When we got back to our desks, she thanked me for opening up to her. I took a big step that day, and in some small way, I believe I helped her. It made us closer, and while she has since gone her way and I’ve gone mine, I still think ever so fondly of her and that indelible moment.

It was a risk. I understood it then, and I understand it to this day. You have to read the situation and trust your gut. Since that day, I have shared my mental illness journey with quite a few people, and it becomes easier each time.

Let’s keep the conversation going!

Depression, Mental Health, Seasonal Affective Disorder (SAD)

My Brain Chemistry Knew Before I Did

I am currently semi-retired from over thirty-five years in the corporate world. As such, the days tend to (blissfully) run into each other. Friday is no longer the anchor tethering me to sanity and the term “long weekend” means little more than an extra day when family and friends may be available to socialize. As such, I often ask my husband what day of the week it is and have to consult a calendar to learn the exact date.

Having said that, the first day of fall – the actual first day of fall (here in southern Ontario); September 22nd – came and went unnoticed until my brother mentioned it.

And then it clicked!

For several days prior, I had been feeling low… melancholy… yes, depressed. It was like my body already knew – shortened days, grayer skies, more frequent rains, colder temps. While in my semi-retired-induced date oblivion, my brain chemistry discerned the subtle changes in the environment that in my case, lead to those low, melancholy, depressed days/weeks/months of the Canadian winter.

Oh boy. I mean – I knew it was coming… of course, I knew. Winter is coming (shameless Game of Thrones reference) has a whole new meaning when it comes to people with depression. Given I’ve worked full-time for the past 35+ years, I’ve more-or-less been calendar-locked. I knew exactly what the date was and what it could/may mean, and so, in ways, would go about doing my depression-readying “homework” to prepare myself. But this was the first time it snuck up on me, and I find myself more than a little behind the eight ball.

There was one positive that came out of this – it gave the blah feelings I was/am having (for no apparent reason) some credibility. You see, part of the self-stigma attached to depression and anxiety is that you feel you’re faking it. You know better, of course, but still. There’s always that devil on your shoulder screaming “FAKER!” at you.

Ok – so, now for the depression-readying “homework”:

Anxiety, Depression, Mental Health

Anxiety Sufferers – KNOW THYSELF!

My journey with anxiety disorder has been a long one. The first anxiety attack (I can remember) occurred when I was around age 10. I woke up in the pre-dawn hours scared out of my wits. Pounding heart, sweaty palms, and rapid breathing through clenched teeth. I crept through the quiet house, opened the front door and sat on the step where I waited for these odd, scary-as-shit symptoms to abate – some very long minutes later.

I assumed it was a nightmare.

While on a school trip in grade eleven, the same thing happened after just having fallen asleep. In a panic, I went to my teacher’s room, explained what was happening and pleaded for help. This time, it wasn’t mere minutes before the symptoms abated, this time it was four long hours. To his credit, my teacher held my hand the entire time – wondering aloud with me, calming me, supporting me.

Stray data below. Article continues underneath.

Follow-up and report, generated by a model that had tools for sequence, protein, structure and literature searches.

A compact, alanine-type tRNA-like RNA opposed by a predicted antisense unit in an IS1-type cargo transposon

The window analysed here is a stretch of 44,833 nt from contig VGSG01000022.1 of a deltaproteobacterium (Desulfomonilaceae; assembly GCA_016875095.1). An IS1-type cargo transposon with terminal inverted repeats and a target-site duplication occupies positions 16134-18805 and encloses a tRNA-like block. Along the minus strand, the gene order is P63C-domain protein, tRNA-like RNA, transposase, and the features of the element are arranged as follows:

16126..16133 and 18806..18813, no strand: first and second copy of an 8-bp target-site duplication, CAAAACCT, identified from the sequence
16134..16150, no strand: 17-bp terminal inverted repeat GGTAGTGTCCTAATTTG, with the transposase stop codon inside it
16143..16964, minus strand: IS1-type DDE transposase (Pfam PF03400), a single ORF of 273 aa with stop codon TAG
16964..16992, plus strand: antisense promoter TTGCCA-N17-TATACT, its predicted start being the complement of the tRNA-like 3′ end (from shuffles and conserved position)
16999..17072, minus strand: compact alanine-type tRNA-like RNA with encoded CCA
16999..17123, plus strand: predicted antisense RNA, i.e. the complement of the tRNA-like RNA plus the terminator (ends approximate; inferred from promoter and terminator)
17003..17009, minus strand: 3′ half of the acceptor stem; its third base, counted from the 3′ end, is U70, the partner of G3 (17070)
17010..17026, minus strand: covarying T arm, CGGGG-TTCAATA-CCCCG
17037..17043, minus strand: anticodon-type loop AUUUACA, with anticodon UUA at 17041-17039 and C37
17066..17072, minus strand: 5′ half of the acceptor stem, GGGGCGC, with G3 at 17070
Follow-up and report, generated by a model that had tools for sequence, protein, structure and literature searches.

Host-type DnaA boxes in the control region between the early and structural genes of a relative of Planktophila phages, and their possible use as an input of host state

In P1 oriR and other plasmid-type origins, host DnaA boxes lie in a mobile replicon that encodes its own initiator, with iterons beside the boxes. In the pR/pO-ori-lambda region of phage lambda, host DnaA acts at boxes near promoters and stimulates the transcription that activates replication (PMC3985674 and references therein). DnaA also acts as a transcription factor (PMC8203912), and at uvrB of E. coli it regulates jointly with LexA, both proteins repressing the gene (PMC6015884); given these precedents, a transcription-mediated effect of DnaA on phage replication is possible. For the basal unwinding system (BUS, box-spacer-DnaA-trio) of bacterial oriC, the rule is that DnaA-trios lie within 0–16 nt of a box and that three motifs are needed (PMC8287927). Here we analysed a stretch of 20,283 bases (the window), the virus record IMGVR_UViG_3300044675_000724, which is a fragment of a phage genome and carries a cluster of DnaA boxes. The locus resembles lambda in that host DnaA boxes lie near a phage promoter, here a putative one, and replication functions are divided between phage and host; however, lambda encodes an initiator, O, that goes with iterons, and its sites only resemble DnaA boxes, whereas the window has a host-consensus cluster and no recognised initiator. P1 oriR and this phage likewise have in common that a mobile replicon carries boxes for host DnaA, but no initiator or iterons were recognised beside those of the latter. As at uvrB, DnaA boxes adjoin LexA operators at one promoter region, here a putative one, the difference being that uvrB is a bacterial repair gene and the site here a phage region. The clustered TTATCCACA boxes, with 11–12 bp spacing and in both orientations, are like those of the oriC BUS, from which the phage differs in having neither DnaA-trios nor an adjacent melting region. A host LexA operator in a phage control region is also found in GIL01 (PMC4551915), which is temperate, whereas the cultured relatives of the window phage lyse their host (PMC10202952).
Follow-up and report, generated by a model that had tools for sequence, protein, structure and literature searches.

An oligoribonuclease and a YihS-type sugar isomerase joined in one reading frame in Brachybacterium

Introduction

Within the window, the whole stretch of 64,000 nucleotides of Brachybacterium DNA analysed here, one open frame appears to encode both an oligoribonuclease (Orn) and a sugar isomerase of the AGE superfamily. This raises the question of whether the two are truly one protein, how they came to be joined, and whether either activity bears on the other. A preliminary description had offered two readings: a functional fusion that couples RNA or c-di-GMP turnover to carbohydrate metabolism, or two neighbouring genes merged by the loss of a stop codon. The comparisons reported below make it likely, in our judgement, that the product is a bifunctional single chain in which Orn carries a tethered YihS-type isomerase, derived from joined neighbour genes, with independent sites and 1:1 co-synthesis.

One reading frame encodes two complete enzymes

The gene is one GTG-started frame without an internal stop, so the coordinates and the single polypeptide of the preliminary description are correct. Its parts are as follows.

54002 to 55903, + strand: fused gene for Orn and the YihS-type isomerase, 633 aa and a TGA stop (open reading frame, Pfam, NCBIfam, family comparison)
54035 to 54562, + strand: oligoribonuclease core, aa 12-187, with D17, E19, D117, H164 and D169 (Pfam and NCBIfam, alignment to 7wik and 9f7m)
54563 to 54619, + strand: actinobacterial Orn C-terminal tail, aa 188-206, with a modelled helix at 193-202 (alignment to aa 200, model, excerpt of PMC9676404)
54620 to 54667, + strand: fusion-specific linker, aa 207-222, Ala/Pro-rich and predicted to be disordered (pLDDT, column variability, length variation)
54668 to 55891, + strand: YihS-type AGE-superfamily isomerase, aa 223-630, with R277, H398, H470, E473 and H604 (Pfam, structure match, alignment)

The entire eleventh grade assumed I was high or drunk.

It wasn’t until years later, after dozens of similarly terrifying episodes, that I learned I had anxiety disorder – a diagnosis that came at the same time as my chronic depression.

I was so relieved to know that I wasn’t going crazy! All those years I had battled the invisible yet oh-so-visceral imaginary demons on my own. Now, the demons had a name and finally, I would get help.

Help for bothanxiety and depression in the form of a tiny pill, talk-therapy (CBT or Cognitive Behavioural Therapy) and over the long haul, acute self-awareness. And this is the key to continued healing. KNOW THYSELF! Learn to recognize the signs indicative of a depression downturn. Know when your otherwise managed anxiety is evolving – changing its demon mask, sneaking up on you in a different form (different symptoms). SEEK HELP IMMEDIATELY! And whatever you do, do NOT let the demons win!

We are so much stronger than we give ourselves credit for.


Depression, Mental Health

With chronic #depression, you gotta keep trying

So yah, I’ve got chronic depression. Have had for almost 20 years (diagnosed). It truly sucks! Motivation is impossible! Trying to do any one thing when you’re depressed is near impossible, when depression is at its worst. How to describe it to a “normal” person: It’s like you’re trying to exist with a really heavy blanket wrapped around you. Not just draped over your shoulders, either. This heavy blanket is wrapped around your head, your arms, legs, torso. It has such a tight grip that moving (that’s the motivation part) is near impossible.

The thing is – and every depressive knows this – when you do manage to move (in a meaningful way; not just rolling over in bed, or getting up to go to the bathroom), the heavy blanket loosens ever so slightly. Enough to move some more? If you’re lucky… or maybe if the sun is shining that day. The more you move, the more gaps you can tease out of the blanket. It’s still there – boy, is it ever! But there’s some wiggle room.

And that’s when I walk my dog. Up until then, I’m practicing the art of convincing myself – talking myself into something I don’t really want to do (motivation’s a fucker, remember?).

I should walk the dog.

The dog really needs a walk.

I need to get up off my ass and walk the dog!

You’ll feel so much better after you walk the dog.

Sometimes I win this thought-battle, sometimes not. Sometimes the walk even motivates more activity. And sometimes, it’s about the only thing I can manage before collapsing under the weight of the blanket again.

They call is chronic depression because it’s persistent. It’s always there, to one degree or another. You just gotta keep trying!